The ongoing ‘perverse privatization’ rests on three pillars. After the 2010 election, Fidesz still sought to bring national utilities and strategic companies owned by foreign interests under state control. In essence, the Orbán Government received a mandate for this from the electorate. This aspiration has now been modified so that as a rule, the basic infrastructure of the country is not being taken over by the State itself, but instead by private owners who are the economic incarnations of the Prime Minister himself. Specifically, the most common winner of overpriced public procurements is Lőrinc Mészáros, a close friend of the PM. The second element of the current privatisation stimulus is that certain economic activities will suddenly be placed under the supervision of a new authority, the director of which Orbán will appoint for nine years. In other words, the pro-Government director of this entity will not be removed in the foreseeable future. On paper, these lucrative economic sectors (such as casino operations and tobacco trade, but other sectors will reportedly be included by the time of the 2022 elections) are state monopolies, but market concessions for them have recently been granted to private companies close to Fidesz. As the third pillar of ‘perverse privatisation’, the Government is outsourcing public property such as huge plots of land, castles and almost every institution of higher education for newly created private foundations. These are then given shares in state-owned companies such as Mol Group. The private foundations are headed by boards of trustees made up in part by today’s ministers and Orbán’s advisers. The trustees cannot be recalled. Furthermore, the trustees themselves decide on new members rather than the government in power at the time. So,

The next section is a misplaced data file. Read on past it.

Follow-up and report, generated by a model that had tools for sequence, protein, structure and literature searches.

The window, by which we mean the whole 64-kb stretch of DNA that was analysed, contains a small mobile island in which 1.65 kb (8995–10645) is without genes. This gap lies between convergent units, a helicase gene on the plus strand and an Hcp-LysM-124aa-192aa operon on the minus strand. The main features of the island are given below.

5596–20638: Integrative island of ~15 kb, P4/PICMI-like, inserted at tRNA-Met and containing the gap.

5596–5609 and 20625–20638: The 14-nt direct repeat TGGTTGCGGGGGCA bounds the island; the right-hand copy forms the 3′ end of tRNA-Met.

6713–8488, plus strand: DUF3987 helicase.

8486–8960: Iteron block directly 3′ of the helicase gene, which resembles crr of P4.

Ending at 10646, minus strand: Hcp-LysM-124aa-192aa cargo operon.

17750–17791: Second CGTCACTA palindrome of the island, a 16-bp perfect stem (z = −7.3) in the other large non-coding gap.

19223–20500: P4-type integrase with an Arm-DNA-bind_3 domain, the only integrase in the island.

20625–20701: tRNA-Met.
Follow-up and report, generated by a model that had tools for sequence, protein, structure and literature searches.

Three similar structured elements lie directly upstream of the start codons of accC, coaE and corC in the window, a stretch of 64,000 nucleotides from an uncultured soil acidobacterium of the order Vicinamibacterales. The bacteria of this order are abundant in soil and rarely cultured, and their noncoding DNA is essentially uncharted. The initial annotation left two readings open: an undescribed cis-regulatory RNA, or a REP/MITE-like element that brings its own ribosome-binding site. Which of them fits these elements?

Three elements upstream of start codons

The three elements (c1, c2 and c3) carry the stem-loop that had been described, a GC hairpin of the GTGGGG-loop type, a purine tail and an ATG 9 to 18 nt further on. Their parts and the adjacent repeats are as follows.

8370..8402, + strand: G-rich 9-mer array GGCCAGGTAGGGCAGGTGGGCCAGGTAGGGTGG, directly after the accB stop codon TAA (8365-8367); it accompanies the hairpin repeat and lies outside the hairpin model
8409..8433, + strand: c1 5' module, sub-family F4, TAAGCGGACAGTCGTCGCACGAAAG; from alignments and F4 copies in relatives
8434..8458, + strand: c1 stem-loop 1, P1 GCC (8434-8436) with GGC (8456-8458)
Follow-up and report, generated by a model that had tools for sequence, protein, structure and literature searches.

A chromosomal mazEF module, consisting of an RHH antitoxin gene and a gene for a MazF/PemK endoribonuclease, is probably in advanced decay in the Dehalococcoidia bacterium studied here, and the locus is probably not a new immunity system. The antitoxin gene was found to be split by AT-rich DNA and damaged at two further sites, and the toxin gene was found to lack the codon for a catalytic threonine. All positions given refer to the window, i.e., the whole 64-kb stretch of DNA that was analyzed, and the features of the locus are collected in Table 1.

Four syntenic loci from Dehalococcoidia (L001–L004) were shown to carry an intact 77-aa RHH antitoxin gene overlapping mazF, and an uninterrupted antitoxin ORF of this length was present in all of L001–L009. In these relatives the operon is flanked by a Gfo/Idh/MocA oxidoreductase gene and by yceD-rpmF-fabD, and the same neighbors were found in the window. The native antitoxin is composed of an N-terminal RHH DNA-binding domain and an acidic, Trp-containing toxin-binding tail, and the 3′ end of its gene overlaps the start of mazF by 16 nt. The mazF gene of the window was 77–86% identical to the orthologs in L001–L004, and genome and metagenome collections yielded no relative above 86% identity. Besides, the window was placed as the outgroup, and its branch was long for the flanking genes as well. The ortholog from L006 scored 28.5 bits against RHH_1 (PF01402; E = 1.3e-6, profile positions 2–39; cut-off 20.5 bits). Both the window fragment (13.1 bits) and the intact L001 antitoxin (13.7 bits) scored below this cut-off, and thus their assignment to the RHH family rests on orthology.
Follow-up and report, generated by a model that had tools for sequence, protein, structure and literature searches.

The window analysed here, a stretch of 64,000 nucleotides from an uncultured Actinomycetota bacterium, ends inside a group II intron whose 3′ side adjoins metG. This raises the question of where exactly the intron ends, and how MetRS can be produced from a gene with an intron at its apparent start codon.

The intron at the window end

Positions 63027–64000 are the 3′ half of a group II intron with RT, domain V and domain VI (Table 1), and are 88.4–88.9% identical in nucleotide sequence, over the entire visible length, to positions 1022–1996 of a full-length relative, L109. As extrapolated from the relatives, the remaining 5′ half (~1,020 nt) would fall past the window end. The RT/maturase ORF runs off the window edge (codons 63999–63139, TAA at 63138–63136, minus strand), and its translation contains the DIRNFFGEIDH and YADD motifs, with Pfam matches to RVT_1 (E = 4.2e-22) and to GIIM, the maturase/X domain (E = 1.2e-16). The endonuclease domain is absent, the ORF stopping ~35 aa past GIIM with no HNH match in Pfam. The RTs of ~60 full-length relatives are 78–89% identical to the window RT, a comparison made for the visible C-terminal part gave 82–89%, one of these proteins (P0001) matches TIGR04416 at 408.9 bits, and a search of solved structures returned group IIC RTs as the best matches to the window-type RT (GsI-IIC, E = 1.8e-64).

whatever the outcome of the 2022 elections and beyond, these bodies controlled by pro-Fidesz trustees will manage the former public assets of the country and spend the EU money that comes with them.

Viktor Orbán said that all this is appropriate and benign because in this way people with an ‘internationalist-globalist’ world-view never get to the top of universities and other ‘foundationised’ organisations. Needless to say, according to this logic, the current two-thirds parliamentary majority could now deprive any future government of the Hungarian State of all its functions, lest decision-makers with other ideologies ever dare to usurp public power.